Vibrating Steering Wheel Alerts Drivers In Bright-Light Conditions
Just as some cars' seats vibrate when another car is in the driver's blind spot, the wheel uses GPS and sensors to alert drivers who may be experiencing temporary bright light blindness.
Kecia Lynn has worked as a technical writer, editor, software developer, arts administrator, summer camp director, and television host. A graduate of Case Western Reserve University and the Iowa Writers' Workshop, she is currently living in Iowa City and working on her first novel.
What's the Latest Development?
University of Nevada-Reno scientists Eelke Folmer and Burkay Sucu have designed a prototype of a steering wheel that uses GPS and lane-keeping cameras to sense when a driver may be temporarily blinded by sun or snow glare and vibrate directionally. For example, "if a driver drifts left, the left side of the wheel will vibrate - a signal to steer right until it stops vibrating, just like a rumble strip." In tests involving a simulator, the system worked so long as the drivers' hands stayed on the parts of the wheel containing the vibrators. This showed the need to distribute the vibrators more widely around the wheel in order to compensate for different "holds."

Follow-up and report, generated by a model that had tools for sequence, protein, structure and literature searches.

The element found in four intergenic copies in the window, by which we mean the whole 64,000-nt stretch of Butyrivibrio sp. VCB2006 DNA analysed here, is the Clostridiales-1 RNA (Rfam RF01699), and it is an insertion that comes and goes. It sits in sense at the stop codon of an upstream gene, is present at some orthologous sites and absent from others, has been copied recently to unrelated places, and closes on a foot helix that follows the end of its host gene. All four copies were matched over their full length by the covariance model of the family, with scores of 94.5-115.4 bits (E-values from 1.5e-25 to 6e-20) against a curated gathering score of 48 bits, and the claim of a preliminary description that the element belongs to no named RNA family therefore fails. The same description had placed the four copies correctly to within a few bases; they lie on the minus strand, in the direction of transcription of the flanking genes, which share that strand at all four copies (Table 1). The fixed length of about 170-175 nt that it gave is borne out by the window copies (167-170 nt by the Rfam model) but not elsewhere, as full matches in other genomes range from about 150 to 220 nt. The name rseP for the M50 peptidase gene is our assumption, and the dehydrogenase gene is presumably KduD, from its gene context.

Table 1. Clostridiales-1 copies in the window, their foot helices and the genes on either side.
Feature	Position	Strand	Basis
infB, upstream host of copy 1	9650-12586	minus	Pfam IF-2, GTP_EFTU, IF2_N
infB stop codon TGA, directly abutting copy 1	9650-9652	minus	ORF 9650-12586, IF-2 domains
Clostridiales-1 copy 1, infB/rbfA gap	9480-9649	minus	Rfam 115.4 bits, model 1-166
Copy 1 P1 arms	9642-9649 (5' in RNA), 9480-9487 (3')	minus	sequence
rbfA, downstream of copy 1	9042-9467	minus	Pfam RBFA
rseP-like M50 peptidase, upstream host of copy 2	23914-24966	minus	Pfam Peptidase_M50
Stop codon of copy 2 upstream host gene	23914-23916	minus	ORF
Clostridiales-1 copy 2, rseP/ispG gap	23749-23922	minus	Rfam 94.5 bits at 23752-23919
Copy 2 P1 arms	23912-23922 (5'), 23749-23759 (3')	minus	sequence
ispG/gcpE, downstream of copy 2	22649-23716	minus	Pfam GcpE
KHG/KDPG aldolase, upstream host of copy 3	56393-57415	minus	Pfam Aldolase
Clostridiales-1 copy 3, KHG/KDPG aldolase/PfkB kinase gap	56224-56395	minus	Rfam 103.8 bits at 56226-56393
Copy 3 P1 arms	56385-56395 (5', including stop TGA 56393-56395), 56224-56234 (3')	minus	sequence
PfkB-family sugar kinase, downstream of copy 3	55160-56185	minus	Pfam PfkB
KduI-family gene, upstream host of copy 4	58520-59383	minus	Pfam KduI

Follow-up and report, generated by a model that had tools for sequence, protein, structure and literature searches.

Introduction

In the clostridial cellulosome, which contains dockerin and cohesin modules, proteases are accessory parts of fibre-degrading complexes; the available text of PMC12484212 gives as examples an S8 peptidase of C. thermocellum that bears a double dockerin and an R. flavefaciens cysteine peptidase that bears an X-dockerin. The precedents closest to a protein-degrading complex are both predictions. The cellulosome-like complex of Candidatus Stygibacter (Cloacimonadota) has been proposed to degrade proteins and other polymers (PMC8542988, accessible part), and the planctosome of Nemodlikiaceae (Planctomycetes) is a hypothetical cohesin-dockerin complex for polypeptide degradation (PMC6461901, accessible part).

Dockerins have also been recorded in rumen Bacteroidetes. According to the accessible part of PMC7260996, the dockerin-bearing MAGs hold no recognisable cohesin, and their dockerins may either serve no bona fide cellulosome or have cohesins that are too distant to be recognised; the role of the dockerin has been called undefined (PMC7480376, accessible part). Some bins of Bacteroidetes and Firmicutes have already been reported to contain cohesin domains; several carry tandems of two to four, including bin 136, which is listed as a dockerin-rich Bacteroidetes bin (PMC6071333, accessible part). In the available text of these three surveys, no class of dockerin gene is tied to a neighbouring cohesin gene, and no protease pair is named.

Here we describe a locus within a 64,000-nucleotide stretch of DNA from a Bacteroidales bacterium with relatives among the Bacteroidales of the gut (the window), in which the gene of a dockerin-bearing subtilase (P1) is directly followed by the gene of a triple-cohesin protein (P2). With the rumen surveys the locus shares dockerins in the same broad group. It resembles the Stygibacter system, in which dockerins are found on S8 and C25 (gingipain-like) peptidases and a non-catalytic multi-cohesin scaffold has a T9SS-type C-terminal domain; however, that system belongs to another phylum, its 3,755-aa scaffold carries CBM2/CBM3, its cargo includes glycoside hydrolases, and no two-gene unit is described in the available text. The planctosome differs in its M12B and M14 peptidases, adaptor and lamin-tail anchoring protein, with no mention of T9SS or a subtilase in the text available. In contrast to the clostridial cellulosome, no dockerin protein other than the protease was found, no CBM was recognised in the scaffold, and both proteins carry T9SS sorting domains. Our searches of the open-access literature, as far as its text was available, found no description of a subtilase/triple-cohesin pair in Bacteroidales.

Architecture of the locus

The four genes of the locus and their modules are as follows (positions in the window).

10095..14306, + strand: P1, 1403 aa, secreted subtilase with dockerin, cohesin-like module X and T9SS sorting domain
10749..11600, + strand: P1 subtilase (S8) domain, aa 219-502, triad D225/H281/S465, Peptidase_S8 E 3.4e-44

What's the Big Idea?
Paul Newman, a car designer at the University of Oxford, says it makes sense to build the system into "the very place action is required" when potential danger approaches. The vibrators are tuned to a skin-sensitive 275 hertz, and Folmer says that thanks to the sensors, "[i]t's fairly easy for the system to anticipate or sense glare conditions and activate itself."
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